We spent a lot of time in the saddle, and a lot of time doubling up back then. One day I was coming home with my brother, Alan, behind me. They had just paved the Gun Barrel road. It was the section we rode on for 1 ½ mile north of the property corner, a main road in those parts. I was coming home with Alan behind me. We always rode on the west side of the payment, because it was wider between road and bar ditch, so we’d have more room. Then, as you got to the property corner, you had to cross the pavement to go in the gate on the other side of the road. We were loping down that road, and just as we made that sharp turn across the payment to get home, Alan lost his balance, flew off from behind me, and skidded along on the pavement for a ways. Always something.
Another day, I had just come home from school, and Dad had left word for me that there was a bull out in east corral. I was to take that bull a few miles over to the Parma Ranch to turn him out with the cow herd. Ginger and I get him out of the east corral, drive him the 2 miles to the county road, then down that county road about quarter mile, then through a gate and down a lane and to the canal. Across the canal there was a home made bridge, only about a year old, made of new planks. That bridge rocked and rolled when any animal walked on it. Well, the bull took one step on that bridge and turned around back mighty quickly at me and Ginger, and ran right past us. He didn’t want a thing to do with crossing that bridge.
We stopped him about a quarter mile away, got him back and tried again. Still no luck. I unwound about 8-10 feet of my lariat, and kept the coil fastened on my saddle. I was using the lariat rope to whip bull to try to get him to move. I got him back to the bridge, and was trying to get him to go with that rope, when that bull turns and runs clear back to the county road. Problem was that the knot on the end of the lariat rope got caught on the bull’s tail. When I stopped and the bull kept running, he ripped the lariat tie strap clear off my saddle. I had been feeling proud and thinking I looked pretty good in my brand new saddle and riding Ginger. And there I go and get the leather strapped ripped clear off the nice saddle.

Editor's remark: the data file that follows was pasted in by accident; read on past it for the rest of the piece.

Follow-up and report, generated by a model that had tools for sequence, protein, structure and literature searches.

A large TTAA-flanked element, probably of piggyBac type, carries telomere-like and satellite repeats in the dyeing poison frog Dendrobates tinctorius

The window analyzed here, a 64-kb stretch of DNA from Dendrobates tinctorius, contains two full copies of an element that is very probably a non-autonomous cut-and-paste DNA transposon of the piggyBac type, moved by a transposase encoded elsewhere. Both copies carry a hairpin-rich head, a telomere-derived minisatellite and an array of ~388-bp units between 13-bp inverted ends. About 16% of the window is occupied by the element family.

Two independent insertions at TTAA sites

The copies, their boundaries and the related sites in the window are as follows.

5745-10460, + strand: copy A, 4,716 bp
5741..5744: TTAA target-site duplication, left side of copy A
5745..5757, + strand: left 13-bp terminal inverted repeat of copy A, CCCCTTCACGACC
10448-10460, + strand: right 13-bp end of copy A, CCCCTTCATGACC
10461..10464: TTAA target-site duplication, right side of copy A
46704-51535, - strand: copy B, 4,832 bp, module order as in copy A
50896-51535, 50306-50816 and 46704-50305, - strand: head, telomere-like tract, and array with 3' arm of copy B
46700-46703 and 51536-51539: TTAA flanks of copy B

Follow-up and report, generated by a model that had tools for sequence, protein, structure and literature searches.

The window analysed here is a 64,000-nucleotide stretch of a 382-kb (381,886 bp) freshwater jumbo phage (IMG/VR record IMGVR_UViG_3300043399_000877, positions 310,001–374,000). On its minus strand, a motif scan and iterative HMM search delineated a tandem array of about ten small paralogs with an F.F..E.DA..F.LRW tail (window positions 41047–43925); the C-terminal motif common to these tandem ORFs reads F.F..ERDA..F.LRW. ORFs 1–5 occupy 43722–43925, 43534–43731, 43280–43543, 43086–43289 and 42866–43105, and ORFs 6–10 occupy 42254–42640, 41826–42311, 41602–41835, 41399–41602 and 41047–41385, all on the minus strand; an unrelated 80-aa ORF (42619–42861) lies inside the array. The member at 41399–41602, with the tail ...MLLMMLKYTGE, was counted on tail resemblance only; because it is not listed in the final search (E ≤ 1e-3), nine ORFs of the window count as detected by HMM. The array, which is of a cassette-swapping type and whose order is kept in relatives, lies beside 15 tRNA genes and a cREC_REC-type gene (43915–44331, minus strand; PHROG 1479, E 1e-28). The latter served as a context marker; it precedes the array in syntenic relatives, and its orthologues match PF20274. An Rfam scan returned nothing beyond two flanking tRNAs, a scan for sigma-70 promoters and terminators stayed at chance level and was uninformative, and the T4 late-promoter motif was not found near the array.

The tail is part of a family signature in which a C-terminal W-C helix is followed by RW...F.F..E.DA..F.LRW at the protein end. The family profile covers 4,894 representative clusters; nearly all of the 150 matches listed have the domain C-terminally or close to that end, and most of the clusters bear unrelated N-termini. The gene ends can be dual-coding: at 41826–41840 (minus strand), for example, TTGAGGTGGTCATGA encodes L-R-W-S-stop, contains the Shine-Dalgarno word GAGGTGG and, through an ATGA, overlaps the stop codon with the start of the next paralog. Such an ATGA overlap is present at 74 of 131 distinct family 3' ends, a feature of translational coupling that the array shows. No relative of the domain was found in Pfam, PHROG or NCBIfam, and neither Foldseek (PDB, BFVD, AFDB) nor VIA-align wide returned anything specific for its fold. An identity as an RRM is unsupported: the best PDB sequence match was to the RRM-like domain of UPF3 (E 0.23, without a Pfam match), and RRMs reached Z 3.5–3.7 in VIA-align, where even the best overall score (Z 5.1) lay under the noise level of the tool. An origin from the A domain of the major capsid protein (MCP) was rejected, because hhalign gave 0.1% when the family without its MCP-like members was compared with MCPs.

Meanwhile, the neighbors hired hand, Louis Ortega, sees me, and closes gate so the bull can’t go back all the way to the main road. He grabs that rope and runs it over a fence post. Why, of course the rope came out of bull’s tail, but with a gob of tail hair tangled in there. Louis had a bull whip in his pick up. He got it out and helped me get that bull across the bridge. As soon as that bull was half way across the bridge, he saw the girls on the other side and everything was easy from there.
Still, it was well after dark before I got home.
See? Pretty neat stories. This is only half of what I wrote down in our “interview” last night, but I’m thinking most of you don’t have time in one sitting for more than this. So, I’ll call it quits for one day, and look forward to sharing more of Floyd’s horse stories with you again soon.
Until next time…
Photo credit: Patrick Hall